If you’re a regular follower to The Hundreds website, you will have noticed a plethora of updates pertaining to Bobby Hundreds’ visit to the DeLorean Motor Co.’s headquarters. Through a myriad of stock-piled parts and pieces and deconstructed, life-less chassis; A rare look into the behind the scenes of an automotive icon was unveiled for all to see. The DeLorean and its lone model the DMC-12 never quite surmounted its on-screen success and the ability to venture through time like in the Back to the Future franchise, yet many years after the fact, the car’s ability to captivate still remains. Given the car’s relevancy in the 1980’s, the DMC-12 fits very much into the theme of The Hundreds. Yet how would one translate automotive design into graphic form for a t-shirt and New Era fitted cap? To offer a run-down of this most recent collaboration, Bobby Hundreds spoke with us regarding not only the project itself but some of his other thoughts regarding how far along The Hundreds has come in such a short period of time.
Interview: Eugene Kan
Photography: Bobby Kim
An Interview with Bobby Hundreds
Hey Bobby, what’s going on man? It’s been awhile since we last spoke… first things first, we’ve seen a comprehensive look into the DeLorean Motor Co. through your blog. Obviously a collection is on the way, what originally was the catalyst for this project?
Simple. I’m a DeLorean fanatic. I was hooked by the Back to the Future trilogy, but became obsessed with the DeLorean DMC-12 by the mythology surrounding the ingenious design, visionary founder John DeLorean and his public life, and resulting controversy that brought the company to its knees. The Hundreds finds much of its thematic elements in ’80s culture, and no automobile better represents the era than the DeLorean. We first reached out several years ago to partner with DeLorean on a project, and now you’re finally seeing the fruits of that labor.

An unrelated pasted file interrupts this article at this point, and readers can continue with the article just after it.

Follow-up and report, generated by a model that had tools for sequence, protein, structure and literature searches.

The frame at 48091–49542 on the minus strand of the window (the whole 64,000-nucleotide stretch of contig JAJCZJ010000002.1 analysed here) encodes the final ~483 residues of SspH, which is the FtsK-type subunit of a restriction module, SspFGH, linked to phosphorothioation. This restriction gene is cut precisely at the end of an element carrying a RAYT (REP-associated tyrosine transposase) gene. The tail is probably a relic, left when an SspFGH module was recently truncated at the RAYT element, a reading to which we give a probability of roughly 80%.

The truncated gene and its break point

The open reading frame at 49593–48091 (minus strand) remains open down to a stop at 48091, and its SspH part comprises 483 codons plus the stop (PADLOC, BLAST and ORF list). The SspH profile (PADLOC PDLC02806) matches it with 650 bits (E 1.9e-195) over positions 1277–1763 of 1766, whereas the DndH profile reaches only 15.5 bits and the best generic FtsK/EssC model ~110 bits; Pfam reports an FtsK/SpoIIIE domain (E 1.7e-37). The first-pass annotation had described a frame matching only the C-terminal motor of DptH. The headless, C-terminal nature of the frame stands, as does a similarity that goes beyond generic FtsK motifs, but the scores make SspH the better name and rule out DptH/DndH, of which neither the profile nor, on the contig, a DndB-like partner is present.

If you strip the context of DeLorean’s appearance in the Back to the Future series, what is it about the car’s overall design that mesmerizes you? On a sidenote, do you know why the DeLorean was chosen as the go-to car for the Back to the Future franchise?
If you’ve had the good fortune of seeing a DeLorean on the streets, you’re bound to notice a few details that offset the DMC-12 from the average vintage sportscar. First, the stainless steel exterior. I don’t think there’s ever been another production vehicle entirely decked in it, considering the exorbitant costs. Second, the gullwing doors, which are an automatic distinction. Third, how low and sleek the DeLorean is, this car was slammed without even being slammed. Personally, I was a fan of the boxy aesthetic of 80s car design. The Countach, the Testarossa, the Lotus even. Nothing encompasses this idea more than the DeLorean. That angular definition has manifested itself into a lot of our own creations under The Hundreds.
I’m not sure why Zemeckis and Gale chose the DeLorean but in the actual movie, Doc Brown says something about how «if you’re gonna time travel, you might as well do it in style.»
Would you say that you’re a fan of car design or simply design in general? And sort of touching back on what you mentioned in a previous response, despite the fact that your demographic of The Hundreds fans are so diverse, how did you manage to present the 80s into something relevant to them which they’ve sort of embodied despite not having experienced the era of the 80’s?
I’m just a fan of design. I am not a fan of car design by any means. And that’s not out of the ordinary for a typical DeLorean fanatic. I couldn’t tell you anymore about car culture than the next guy, all I know is DeLorean culture, and that’s what you will ordinarily find with a DMC head.